While it might work for a 25mm rump steak, where we talk of maybe a 2 hour heat/cook time, I have done thicker pieces (small roast etc…50 - 60 mm ) and here the heat time increases quite a bit. So the already cooked less rare steak will sit in the warm water for quite a while. This may not make it mushy, but having tried steak at different cook times, I find that the result is not optimum after 4 hours.

OK. I had one of usual rambling speeches written out, but I will ask one question.

Assume both pieces of steak are very close size and thickness wise. Surely is it not faster to bring a given piece of steak (the already cooked but “underdone” piece) from 56 Deg to say 60 Deg, than from 2-3 Deg up to 56 Deg, or even room temp 25 Deg? As far as I can see, it cannot take longer.

1" = 1.25 hours for the medium steak.Then we cool the bath and cook the other one. Again 1.25 hours.Then we add cooking time to tenderise both. Probably an hour.= 3.5 hours plus time to cool the bath, say 0.2 hours, because we can’t be too hasty or we overshoot (I have to admit I have never done this). = 3.7 hours.

2 X 1" steaks for 1.25 hours plus 1 hour to tenderise. Remove rarer steak. Heat up the bath to heat the other piece. Even if we allow an hour (doubtful) we’d still save ~0.5 hours and not have to use up ice.

If we want thicker steaks it seems to me that would increase.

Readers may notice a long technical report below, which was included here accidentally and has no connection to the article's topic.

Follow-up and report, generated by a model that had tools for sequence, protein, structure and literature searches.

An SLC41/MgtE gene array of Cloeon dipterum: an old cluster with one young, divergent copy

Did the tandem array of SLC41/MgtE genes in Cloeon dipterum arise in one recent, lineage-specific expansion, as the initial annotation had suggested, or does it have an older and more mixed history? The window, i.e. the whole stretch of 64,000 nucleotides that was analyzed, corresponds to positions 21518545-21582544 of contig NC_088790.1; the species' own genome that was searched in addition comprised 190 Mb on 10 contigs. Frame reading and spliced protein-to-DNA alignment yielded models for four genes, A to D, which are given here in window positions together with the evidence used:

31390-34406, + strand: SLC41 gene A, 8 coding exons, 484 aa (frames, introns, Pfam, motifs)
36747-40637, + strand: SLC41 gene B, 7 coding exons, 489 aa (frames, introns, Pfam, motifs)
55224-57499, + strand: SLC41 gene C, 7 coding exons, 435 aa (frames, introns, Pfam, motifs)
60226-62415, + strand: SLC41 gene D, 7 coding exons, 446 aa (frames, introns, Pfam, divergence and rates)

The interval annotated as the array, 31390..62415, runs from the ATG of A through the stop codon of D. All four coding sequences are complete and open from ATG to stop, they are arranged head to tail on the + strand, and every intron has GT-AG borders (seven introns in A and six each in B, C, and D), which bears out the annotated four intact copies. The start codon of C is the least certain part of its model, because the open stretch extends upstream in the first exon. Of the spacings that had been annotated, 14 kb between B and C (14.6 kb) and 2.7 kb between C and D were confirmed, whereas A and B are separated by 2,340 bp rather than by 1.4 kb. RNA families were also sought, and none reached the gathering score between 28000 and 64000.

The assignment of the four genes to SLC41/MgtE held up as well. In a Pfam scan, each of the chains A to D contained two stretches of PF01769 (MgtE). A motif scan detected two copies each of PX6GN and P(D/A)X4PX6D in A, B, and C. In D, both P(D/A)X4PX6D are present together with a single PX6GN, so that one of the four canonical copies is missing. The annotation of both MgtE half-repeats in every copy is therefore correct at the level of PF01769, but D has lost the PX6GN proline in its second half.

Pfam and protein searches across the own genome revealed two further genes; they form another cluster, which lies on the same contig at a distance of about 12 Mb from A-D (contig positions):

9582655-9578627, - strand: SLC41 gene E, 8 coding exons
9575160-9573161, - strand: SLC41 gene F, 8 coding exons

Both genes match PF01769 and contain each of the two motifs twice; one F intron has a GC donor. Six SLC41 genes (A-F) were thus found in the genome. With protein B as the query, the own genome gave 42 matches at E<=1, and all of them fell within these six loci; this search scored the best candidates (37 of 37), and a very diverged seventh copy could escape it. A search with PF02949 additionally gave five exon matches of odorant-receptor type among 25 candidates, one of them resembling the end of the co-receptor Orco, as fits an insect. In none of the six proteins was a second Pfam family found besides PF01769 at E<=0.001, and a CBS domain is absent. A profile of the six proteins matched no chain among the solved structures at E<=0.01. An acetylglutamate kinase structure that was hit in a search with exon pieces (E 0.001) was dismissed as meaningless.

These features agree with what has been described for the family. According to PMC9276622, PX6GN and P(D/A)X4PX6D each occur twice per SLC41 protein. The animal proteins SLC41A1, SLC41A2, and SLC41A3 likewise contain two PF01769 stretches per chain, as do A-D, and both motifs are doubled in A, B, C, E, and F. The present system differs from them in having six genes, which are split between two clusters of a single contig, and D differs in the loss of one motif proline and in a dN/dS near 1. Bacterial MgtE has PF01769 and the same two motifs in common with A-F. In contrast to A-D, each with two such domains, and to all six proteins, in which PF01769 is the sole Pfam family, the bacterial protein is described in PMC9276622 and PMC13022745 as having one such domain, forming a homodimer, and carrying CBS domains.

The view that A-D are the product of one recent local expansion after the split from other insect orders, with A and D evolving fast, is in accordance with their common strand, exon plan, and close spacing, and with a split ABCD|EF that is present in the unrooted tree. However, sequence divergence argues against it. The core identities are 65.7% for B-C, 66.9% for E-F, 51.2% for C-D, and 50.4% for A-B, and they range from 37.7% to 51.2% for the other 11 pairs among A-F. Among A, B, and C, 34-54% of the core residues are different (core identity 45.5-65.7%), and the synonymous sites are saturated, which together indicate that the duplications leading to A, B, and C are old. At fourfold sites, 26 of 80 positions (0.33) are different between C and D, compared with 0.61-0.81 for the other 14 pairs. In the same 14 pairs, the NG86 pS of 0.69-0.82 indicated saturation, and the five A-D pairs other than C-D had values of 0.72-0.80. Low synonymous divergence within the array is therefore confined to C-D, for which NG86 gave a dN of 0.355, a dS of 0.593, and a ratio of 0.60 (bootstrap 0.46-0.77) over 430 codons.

But until I know how long that last few degrees takes to equalise the medium bit…

OK. So I lied about the speech :sleeping:


Until now the discussion has only been about random mystery meat. If you were looking to do two roasts at two different temperatures, given the time that a roast can take to cook sous vide, then you’re talking about a different methodology required. And really, the best option would be two circulators. Otherwise you could finish the more done portion in the oven.

But then you need to take into account the need to reheat the rarer piece or holding it at temperature.

And still I wait for a chart of time vs temp.

You guys are gong to attack anything I say that questions the norm, while not even addressing my logic. Delphic , using very judjmental input…

No one is attacking. The ‘warning’ that you’re posting too much is just a foible in the forum software. Ignore it like everyone else does.

Time chart is a difficult thing as everyone has their own expectations and preferences when it comes to texture.

Approximately 30 mins per half inch of thickness will bring you to temperature equilibrium.

From there it gets tricky because the speed of conversion of collagen to gelatin is dependent upon temperature. It happens faster at higher temperatures and slower at lower ones. It will happen at 54C/130F but it’ll take longer than it will at 68C/154.4F.

Similarly there are variations of interpretation of phrases like medium rare and medium well. 54C/130F is the accepted ‘safe’ temperature for long cook medium rare.

The reason you won’t find a time and temperature chart is because of these variations. You need to experiment to discover what you like and what works for you.

For instance, I like 72 hours @ 54C/130F for my beef cheeks. Others like 12 hours at 74C/165F. Neither is wrong.

You can get as attitudey and uppity as you like but the simple fact is that I can’t tell you how you enjoy your meat. I can only tell you how I enjoy mine.

Here’s some reading for you. If you haven’t done so already, it would be well worth your effort.


Here are a few. I typically use the ChefSteps one, but I’ve used all at one point in time or anther.